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The Downfall of Theatre Etiquette: Concert Venues, Live Theatre, and Cinema

The opinions expressed in this article are the writer’s own and do not reflect the views of Her Campus.
This article is written by a student writer from the Her Campus at MSU chapter.

Live performances have been seen for centuries, including plays, live music, dancing, and movies. To provide a better experience for everyone, attendees usually remain quiet and respectful of those around them and the performers. By purchasing a ticket, you are basically agreeing to abide by theatre etiquette, which is the mode of behavior that is expected from the audience. When someone abuses those expectations, the experience becomes less enjoyable for everyone involved. Watching live performances has always been a favorite pastime of mine – especially concerts and musicals – but nearly every time I go to a theater, there is always someone who can’t keep their phone away from their eyes and/or ears. Why has the behavior towards these forms of entertainment changed so much? 

For a long time, live performances like plays were seen as events that involved dressing up nicely with makeup on and hair done, and now, you will see most people in casual clothing like jeans and t-shirts, as if this is just something to do on a weekend night. Just a couple of nights ago, I went to the Pine Knob outdoor venue to see the Arctic Monkeys, and I noticed that people have really forgotten how to act when seeing a performance. 

When it comes to seeing your favorite artist or band play, everyone is excited. They wear previous concert tour shirts if they’ve seen the band perform before, venue bars are selling alcohol, and everyone is waiting in anticipation for the main act to start. But what many people don’t realize is that they are not the only ones there to see whoever’s performing. With many artists touring right now, like Taylor Swift and P!NK, many videos have been shared on social media of objects being thrown at them, sometimes even resulting in injuries. In June, artist Bebe Rexha had a phone thrown at her, hitting her eye, and causing her to get stitches. She now wears protective eyewear during her concerts. Those people want to be noticed so badly that they will literally throw things just for a glance or acknowledgement. It is as if they have forgotten that their favorite celebrities are human beings too and still deserve respect. 

Attending musicals live has become extremely popular in recent years, with shows like “Phantom of the Opera,” “Hamilton,” and “Wicked.” At the beginning of every show, the theatre will politely ask the audience to silence and put away their phones in order to prevent distractions. However, there is always someone who refuses to comply and continues using their phone while the actors are on stage, knowing that it is against the rules and causing problems for everyone. Is it so hard to put away a phone for a few hours? The same goes for seeing movies. For years, I’ve been going to my hometown’s movie theater and was always faced with people constantly talking to each other throughout the movie and going on their phones from time to time. Once I started to earn enough money to afford tickets at Celebration Cinema, it was like a whiplash of how almost everyone respected the people around them, and I hardly ever hear a phone go off while I’m there.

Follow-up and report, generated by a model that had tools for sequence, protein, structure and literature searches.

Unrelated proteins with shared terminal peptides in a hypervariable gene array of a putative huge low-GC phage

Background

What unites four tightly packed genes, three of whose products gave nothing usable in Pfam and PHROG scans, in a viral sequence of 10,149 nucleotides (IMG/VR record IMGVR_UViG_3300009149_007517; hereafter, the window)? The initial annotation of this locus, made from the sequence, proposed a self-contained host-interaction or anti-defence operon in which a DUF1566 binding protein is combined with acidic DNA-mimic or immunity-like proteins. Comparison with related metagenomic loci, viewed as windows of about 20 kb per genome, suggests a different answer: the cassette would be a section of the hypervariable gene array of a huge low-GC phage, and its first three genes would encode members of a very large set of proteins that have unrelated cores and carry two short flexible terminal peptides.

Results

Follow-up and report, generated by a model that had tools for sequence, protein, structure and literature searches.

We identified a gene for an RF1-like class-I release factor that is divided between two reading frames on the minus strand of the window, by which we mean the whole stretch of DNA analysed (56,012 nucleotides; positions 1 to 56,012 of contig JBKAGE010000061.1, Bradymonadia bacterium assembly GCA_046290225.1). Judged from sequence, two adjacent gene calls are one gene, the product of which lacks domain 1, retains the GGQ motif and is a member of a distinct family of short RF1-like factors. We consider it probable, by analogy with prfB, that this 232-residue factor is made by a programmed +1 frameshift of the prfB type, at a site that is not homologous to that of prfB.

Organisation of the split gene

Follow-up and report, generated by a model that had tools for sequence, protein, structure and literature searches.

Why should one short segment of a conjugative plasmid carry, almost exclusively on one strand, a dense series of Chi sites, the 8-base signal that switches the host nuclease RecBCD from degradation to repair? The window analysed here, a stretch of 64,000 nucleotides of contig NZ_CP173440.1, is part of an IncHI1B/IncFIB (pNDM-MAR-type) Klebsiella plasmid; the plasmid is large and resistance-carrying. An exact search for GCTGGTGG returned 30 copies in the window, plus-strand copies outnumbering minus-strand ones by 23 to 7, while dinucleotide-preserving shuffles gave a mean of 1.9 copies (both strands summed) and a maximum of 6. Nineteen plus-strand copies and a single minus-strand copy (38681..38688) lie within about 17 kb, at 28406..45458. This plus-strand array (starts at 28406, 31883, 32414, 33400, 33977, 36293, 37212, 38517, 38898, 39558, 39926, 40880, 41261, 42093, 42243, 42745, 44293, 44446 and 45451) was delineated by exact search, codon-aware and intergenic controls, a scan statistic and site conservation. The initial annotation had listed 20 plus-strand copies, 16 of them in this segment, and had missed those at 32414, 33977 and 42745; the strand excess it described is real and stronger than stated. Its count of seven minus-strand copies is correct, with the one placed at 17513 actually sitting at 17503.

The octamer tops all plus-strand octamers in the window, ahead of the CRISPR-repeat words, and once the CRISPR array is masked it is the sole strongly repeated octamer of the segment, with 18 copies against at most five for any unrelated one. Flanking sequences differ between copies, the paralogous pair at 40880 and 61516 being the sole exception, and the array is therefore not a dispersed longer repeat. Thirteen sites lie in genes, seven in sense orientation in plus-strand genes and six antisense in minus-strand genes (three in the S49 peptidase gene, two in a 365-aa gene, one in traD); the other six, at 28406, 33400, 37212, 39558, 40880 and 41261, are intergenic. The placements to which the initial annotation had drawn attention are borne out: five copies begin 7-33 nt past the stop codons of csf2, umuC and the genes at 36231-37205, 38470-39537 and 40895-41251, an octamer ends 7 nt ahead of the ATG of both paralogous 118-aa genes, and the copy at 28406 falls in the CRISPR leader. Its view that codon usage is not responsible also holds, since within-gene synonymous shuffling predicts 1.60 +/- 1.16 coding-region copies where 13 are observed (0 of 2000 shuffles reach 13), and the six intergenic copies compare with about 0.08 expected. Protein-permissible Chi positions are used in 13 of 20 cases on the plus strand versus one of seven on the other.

The last time I was at my hometown’s theater, I was watching “Coraline” with my sister and throughout the whole movie, we heard people reciting nearly every line, chatting with friends, and taking pictures. It got us wondering: why is it that people are more respectful at Celebration than here? We came to the conclusion that the majority of the people who go to the smaller one are middle school and high school students who most likely can’t afford a Celebration ticket whenever they want to see a movie, so they go to the nearest one that still sells tickets for less than $10. It makes sense that the younger crowd chooses the cheaper option, but that still doesn’t mean that they have to be disrespectful. 

I would do anything to be able to see a performance back in the days when it really was an event and be able to sit through it without hearing the constant ding of a phone going off.

Jacqueline Bell is a chapter member for Her Campus at MSU. She is a junior studying Digital Storytelling with a concentration in fiction filmmaking and hopes to use their degree to tell queer stories in film and television. She enjoys reading, crocheting, music, and live theatre.